Addictions have never been easy to manage, but they become even more challenging around the holidays. The holidays bring an increase in the number of people with alcohol, cigarettes, drugs, and other addiction problems.
The increased stress can make it challenging to stick to goals and recovery plans, but it is true for most people. While many people think about alcohol or drugs simply withdraw, it is possible to deal with these stressors and difficulties.
A few essential points to consider when dealing with them: Identify the stressors and identify your inner struggles. Alcohol and drug abuse are widespread among people struggling with depression and tension. The first step should be to identify these stressors, and the second step is to identify them as an inner struggle.
According to the American Psychiatric Association, alcohol and drugs should not be the first choice, and the National Institute on Drug Abuse reports that nearly 2.1 million people were hospitalized in the US between 2000 and 2010 for these activities.
If you realize that you are stressed all the time but don't know how to stop until you know that you are stressed, what do you do?
Identifying your inner struggle can be harder than identifying your own stressors, so look for behavior patterns. If you know that you have become depressed after reading or losing a loved one, avoid things that remind you of this situation. Remember that you are dealing with a difficult memory or condition, and your substance abuse is due to past physical abuse.
In a surprising research paper, APA [PDF] reports that willpower is a finite resource. It is similar to a muscle that can be worn out, and in some cases, it can even lead to injury to the body.
This means that we must simplify our decision-making during the holidays when we have many temptations and choices to make. Let someone else help you overcome this problem or work on it with a friend or family member.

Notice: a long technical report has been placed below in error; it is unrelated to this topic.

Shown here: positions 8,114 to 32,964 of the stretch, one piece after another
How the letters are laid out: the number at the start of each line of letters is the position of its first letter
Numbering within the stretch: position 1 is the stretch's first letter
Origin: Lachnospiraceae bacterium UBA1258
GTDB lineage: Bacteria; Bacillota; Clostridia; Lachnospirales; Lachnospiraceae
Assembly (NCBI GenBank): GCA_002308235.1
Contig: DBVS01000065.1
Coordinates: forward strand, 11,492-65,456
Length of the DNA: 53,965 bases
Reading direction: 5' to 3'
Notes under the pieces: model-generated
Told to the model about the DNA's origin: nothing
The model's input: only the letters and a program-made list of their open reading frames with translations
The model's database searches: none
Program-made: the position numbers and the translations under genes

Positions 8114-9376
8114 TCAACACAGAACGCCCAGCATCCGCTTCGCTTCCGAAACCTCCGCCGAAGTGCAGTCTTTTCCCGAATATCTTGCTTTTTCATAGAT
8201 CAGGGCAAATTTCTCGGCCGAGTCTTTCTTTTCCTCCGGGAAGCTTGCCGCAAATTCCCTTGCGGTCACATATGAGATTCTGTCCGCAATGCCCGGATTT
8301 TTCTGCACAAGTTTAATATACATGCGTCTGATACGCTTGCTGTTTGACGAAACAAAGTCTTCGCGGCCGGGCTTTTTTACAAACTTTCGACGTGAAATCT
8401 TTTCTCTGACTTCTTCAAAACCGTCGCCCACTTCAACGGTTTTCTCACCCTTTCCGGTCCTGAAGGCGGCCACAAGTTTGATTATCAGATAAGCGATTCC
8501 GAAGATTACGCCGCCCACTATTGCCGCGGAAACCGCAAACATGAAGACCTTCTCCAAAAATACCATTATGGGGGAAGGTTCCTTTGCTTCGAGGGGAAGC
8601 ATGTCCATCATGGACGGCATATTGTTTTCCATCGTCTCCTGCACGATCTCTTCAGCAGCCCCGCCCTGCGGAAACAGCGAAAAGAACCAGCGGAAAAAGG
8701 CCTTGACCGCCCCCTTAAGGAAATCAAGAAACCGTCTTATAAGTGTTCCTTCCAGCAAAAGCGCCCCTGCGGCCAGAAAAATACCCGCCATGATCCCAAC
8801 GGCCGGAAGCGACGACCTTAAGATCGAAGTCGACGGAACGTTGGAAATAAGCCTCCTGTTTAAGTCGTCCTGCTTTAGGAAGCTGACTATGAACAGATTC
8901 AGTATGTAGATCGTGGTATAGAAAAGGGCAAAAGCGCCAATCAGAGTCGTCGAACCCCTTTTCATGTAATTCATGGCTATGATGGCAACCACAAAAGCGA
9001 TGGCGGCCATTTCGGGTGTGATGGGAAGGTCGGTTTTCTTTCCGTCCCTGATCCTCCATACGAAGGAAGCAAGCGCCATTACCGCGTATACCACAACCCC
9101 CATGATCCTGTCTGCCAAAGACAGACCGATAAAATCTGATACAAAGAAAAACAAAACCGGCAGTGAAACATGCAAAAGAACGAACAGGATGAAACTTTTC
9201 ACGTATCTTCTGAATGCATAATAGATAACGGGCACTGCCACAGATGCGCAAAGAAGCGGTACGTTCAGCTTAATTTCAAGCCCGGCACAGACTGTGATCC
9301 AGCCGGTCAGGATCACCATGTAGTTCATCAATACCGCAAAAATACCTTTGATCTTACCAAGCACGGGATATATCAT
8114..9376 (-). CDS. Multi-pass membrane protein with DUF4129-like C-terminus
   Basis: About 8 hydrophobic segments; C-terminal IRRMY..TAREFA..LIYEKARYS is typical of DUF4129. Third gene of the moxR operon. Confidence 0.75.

By remembering the finiteness of our willpower, we can avoid situations where addiction may be present. Holidays can be challenging for alcoholics, as many of them often contain alcoholic drinks of a particular kind. You should consider in advance whether and how much you should choose a healthy breakfast the night before.
The police will be even tougher on you over the Christmas period if they know of your inclinations, so don't go to parties unless you can help yourself. If you know that there will be medications, you should take them as soon as possible, even if only for a short period.
Don't be ashamed to talk to someone about it, even if it's a friend, family member, or even your boss or colleague - if you can.
Friends and family can be helpful at times, but remember that they may not necessarily have the same level of knowledge or experience as you. One of the biggest mistakes you can make is to assume that you can do it alone - it's much harder to stay healthy when dealing with things alone. Even if you have managed your addiction well over the years, the Christmas season can bring several challenges for which you are not prepared.
Some people may have multiple causes, commonly known as dual diagnosis. These factors need to be identified, identified, and addressed to ensure that the assistance you provide is as complete as possible. One could unintentionally enter or drift into a debt spiral that makes a collapse even more likely.
Visiting a professional counselor or participating in an addiction program can help you get tailored counseling for your specific needs and your family and community's overall health.
In 2013, the Centers for Disease Control and Prevention launched a special campaign to encourage smoking cessation. The New Year's start is a great time for people trying to fight addiction, but if you don't have time to finish your fight, it can be the New Year that makes the holidays so stressful.
Recovery from addiction can take time, and increasing stress only increases the likelihood of relapse. This is a good time for you to make addiction - a free lifestyle - a goal, but you should not make it a pressure point.
Remember, instead, that the holidays are a time when you have the best memories, and getting annoyed with your favorite addiction is no excuse. Dealing with addiction on holiday can be difficult, but it's time to move on - and you can.
It is normal to have to talk to someone and get help, but you have to give so much to protect your decisions and not get into difficult situations. Identify the stressors in your inner struggle, know what you are fighting for, and forget to help yourself.
Don't let the holidays complicate things, but don't be afraid to go out and continue to pursue your addiction. Remember that New Year's Eve is not what ends your addictive life goals. It's only one date and you'll have to continue your habit.